April 6 – June 3, 2017
Thursday – Saturday, dusk to 11pm
Everson Museum of Art, Hosmer Auditorium
401 Harrison Street, Syracuse, NY
Urban Video Project (UVP) and parent organization, Light Work, are pleased to present “Deborah Stratman: Xenoi,” featuring the recent video work Xenoi by filmmaker and multimedia artist Deborah Stratman from April 6 – June 3, 2017.
This exhibition will be paired with a special indoor screening of The Illinois Parables (2016), Stratman’s most recent long-form film, followed by a Q&A with the filmmaker on April 20, 2017 at the Everson Museum of Art.
This exhibition is part of the year-long program, UVP 2016-17: Interzones.
About the Work
2016, 15:20m, HD video
In Deborah Stratman’s “Xenoi,” the Greek island of Syros is visited by a series of unexpected guests: immutable forms, outside of time, aloof observers of the human condition.
The hovering guests include five regular, convex polyhedrons comprised of identically sided, congruent faces: the tetrahedron, cube, octahedron, dodecahedron and icosahedron. These are Platonic Solids, named for the famed ancient Greek philosopher, who described them as part of a higher level of reality in his dialogue, “Timeaus.”
Shot on location and featuring a hypnotic score, “Xenoi” scans the horizon of modern day Greece, a landscape at once timeless and jarringly contemporary. Ancient ruins and azure waters give way to the skeletons of office buildings abandoned before completion, their bare concrete columns oddly reminiscent of the Grecian temples that stand as symbols of “Western Civilization.”
The sites “visited” in the video are Armeos beach, Pherecydes’ Cave, Ano Syros spring, Ermoupolis, Kastri, the Apollo Theater, Anemogennitries hilltop, and at various hillside yapia. Pherecydes of Syros (580-520 BC) was the author of the “Pentemychos,” a pre-Socratic cosmogony, and is commonly held to be the teacher of Pythagoras. Ermoupolis is a port town and capital of the South Aegean region. Kastri (2800-2300BC), is an early Cycladic fortified settlement, located on the north side of the island. “Yapia” is the plural of “yapi,” the informal Greek term for an unfinished, abandoned building, especially prevalent around Greece ever since the economic crisis.
“Xenoi” is the plural of “xenos,” an enigmatic word usually translated as “stranger”—but whether the stranger is friend or foe depends on context and interpretation. What do these geometric specters portend in a contemporary climate where consumer culture and economic austerity collide?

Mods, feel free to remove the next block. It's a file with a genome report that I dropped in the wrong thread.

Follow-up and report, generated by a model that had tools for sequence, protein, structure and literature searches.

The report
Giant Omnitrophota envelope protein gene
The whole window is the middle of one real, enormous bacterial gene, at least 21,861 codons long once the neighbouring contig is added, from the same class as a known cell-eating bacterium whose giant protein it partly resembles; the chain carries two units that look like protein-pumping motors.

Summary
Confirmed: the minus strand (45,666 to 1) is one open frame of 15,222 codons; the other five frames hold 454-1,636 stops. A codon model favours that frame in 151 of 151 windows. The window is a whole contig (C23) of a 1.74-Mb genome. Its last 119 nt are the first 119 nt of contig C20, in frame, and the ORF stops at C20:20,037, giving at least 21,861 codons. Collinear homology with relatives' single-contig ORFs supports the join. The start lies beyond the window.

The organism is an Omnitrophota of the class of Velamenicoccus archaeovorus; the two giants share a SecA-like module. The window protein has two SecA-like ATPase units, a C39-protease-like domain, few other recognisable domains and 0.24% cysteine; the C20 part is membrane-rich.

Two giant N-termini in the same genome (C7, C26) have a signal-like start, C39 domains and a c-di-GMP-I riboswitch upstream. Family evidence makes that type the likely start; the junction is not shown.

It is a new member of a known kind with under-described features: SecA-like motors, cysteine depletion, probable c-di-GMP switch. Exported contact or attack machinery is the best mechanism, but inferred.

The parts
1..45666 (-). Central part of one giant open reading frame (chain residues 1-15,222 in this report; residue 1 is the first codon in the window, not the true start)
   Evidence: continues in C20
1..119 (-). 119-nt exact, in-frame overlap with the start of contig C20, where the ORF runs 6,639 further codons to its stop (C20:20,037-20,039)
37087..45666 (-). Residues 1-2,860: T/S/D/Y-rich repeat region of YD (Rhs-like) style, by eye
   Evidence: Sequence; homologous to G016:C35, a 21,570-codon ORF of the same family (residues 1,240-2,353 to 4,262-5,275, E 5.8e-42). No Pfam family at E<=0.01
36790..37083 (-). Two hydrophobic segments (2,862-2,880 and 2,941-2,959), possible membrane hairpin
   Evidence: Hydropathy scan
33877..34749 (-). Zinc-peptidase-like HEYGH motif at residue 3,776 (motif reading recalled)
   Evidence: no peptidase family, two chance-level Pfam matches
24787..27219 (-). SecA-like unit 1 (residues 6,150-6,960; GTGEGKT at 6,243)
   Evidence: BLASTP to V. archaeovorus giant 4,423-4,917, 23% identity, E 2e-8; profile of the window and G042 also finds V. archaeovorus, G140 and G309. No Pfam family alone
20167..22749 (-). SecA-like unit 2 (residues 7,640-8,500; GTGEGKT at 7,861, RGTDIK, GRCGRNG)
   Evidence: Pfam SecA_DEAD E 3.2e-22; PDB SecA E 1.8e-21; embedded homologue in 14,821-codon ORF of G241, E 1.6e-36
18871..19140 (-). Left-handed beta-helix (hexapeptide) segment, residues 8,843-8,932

Director, Producer, Camera, Animation, Edit: Deborah Stratman
Music: Michael Pisaro
Solids: Steven Badgett & Deborah Stratman
Non-theatrical premiere: Berwick Film & Media Arts Festival, UK – September 2017
Theatrical premiere: CPH:DOX, Copenhagen, Denmark – March 2017
Festivals: Images Festival, Toronto – April 2017
About the Artist
Deborah Stratman is a Chicago-based artist and filmmaker interested in landscapes and systems. Much of her work points to the relationships between physical environments and human struggles for power and control that play out on the land. Recent projects have addressed freedom, expansionism, surveillance, sonic warfare, public speech, ghosts, sinkholes, levitation, propagation, orthoptera, raptors, comets and faith. She has exhibited internationally at venues including MoMA NY, Centre Pompidou, Hammer Museum, Mercer Union, Witte de With, the Whitney Biennial and festivals including Sundance, Viennale, CPH/DOX, Oberhausen, Ann Arbor, Full Frame, Rotterdam and Berlinale. Stratman is the recipient of Fulbright, Guggenheim and USA Collins fellowships, a Creative Capital grant and an Alpert Award. She lives in Chicago where she teaches at the University of Illinois.
For more information, visit the artist’s website: pythagorasfilm.com
The related screening of The Illinois Parables is made possible through the generous sponsorship of the Syracuse University Humanities Center.